The other piece is called ‘A Moment of Calm.’ I painted that earlier this year in lockdown at home because I couldn’t go to my studio. I thought it was interesting the difference between this painting and the other pieces from 2018. I was in a much more reflective mood I think. I wasn’t that well because I had an operation at the end of last year so I was recuperating. I didn’t have a lot of strength or energy but painting was really relaxing. It’s fascinating how you can see that the painting is much softer, there’s no hard lines or scratches. You can see that I was in a much more tranquil place. I think it’s fascinating how your mind affects everything you do and it shows in the work that you create.

You’ve also been involved in quite a few events and exhibitions, I was wondering if you could speak about one or two that stood out to you?

Waiting’ and a couple of other pieces were exhibited in the Mall Galleries in London in 2018. That was really exciting because it’s quite a prestigious gallery and it was the first time I had exhibited in london. It was lovely to see my work on the wall but I found it quite daunting when people were looking at them. I went with my family and close friends who were all saying to speak to the people looking at the painting but I couldn’t. Although I was so proud and wanted to be in the exhibition, I found I was quite nervous to speak to the visitors. Afterwards I thought I should have spoken with them because it’s better to try to go out of your own way and have the generosity to speak to them. But I was feeling a bit shy so I didn’t.

Another exhibition that I really enjoyed was in Suffolk. It was completely different to this work as they sent all the artists a set of Letraset. In the old days, when you wanted to print things, you’d use Letraset to transfer letters and you would literally scratch them out. So the artists got a bag of letters and we could make artwork in any medium with the letters. I did a piece about a telegraph pole with all the letters. I really enjoyed that process and it’s a really nice gallery.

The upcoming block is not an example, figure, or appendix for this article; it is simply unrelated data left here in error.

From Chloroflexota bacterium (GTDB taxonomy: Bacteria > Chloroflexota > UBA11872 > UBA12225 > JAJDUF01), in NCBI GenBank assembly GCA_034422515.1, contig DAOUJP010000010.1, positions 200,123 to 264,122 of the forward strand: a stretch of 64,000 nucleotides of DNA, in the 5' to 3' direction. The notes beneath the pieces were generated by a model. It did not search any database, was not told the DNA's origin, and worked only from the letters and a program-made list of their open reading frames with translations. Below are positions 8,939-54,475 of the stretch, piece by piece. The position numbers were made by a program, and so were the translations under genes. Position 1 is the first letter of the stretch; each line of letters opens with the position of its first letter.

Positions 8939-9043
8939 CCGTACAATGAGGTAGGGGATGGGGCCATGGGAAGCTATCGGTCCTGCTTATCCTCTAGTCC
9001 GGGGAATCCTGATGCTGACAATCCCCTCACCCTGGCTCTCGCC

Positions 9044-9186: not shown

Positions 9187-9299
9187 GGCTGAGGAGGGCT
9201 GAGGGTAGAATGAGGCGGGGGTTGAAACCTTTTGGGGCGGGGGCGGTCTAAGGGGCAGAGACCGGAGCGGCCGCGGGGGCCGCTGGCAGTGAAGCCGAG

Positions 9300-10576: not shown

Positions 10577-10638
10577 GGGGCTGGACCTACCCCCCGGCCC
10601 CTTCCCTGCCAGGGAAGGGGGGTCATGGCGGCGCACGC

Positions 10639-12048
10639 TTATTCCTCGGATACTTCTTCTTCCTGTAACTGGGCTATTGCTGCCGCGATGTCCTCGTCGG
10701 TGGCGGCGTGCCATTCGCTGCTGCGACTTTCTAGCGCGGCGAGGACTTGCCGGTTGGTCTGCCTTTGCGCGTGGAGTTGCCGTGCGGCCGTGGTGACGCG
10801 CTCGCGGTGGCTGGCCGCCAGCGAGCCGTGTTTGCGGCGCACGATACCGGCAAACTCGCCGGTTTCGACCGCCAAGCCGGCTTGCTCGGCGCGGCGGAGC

I won an exhibition in 2020, early last year before lockdown. It was an open exhibition in the Gibberd gallery in Harlow. I put in a tiny little painting called ‘Just The Three of Us,’ which was a painting of myself and my two dogs from the back. The theme was 2020 and all the paintings had to be 20cm2, which was quite fun and I liked the restraint of it. I had all these clever ideas of what I was going to do around that theme involving numbers but it just didn't work. The day before I had to submit it I still didn’t know what to do. I remember I videoed myself painting, which I often do, and just painted this painting. I was quite pleased with it and I had a good feeling about it. We went to the private view and they gave out the prizes but nothing happened with mine. Then somebody else stood up and said they had two more prizes to present. They said “Best in Show: Chrissie Richards,” and I was shocked. I got prize money in a gold envelope, it was so exciting.

Any lessons you have learnt from your artistic journey and ongoing practice? 

It’s just really important to show up and make art. Play with your paints, pencils or collage. Even some days when you don't feel like it or you think you can’t do it, it’s too difficult or you’re not very good. I think we all have that little chap sitting on our shoulder that tells us we’re not very good but just show up and get started. Not every piece of artwork is going to be brilliant and you won't be happy with everything you make, but it’s the art-making process which is the good thing. If you can’t make art, make a cake. That’s what I always say.

In the future I’m just going to keep painting. I’m working on a series of paintings about the lido. It’s quite cheery and fun but quite nostalgic as well. I’ve also done a bit of teaching and art workshops for people. I ran a group for a while called ‘Create, Relax, Repeat.’ The idea was that you create and chill out but then you do it again, it’s not a one time thing. I really enjoy sharing painting with people and encouraging people to make art. Everybody says it’s so relaxing and that it’s like therapy. People chat and make connections and you find things in common with people you didn’t know you had. It really helps my work as well as helping other people learn. It’s a complete two-way process.

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'Which Door Leads To Happiness?'

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'Fish Out of Water'

To see more of Chrissie's work, check out her website, instagram and facebook page.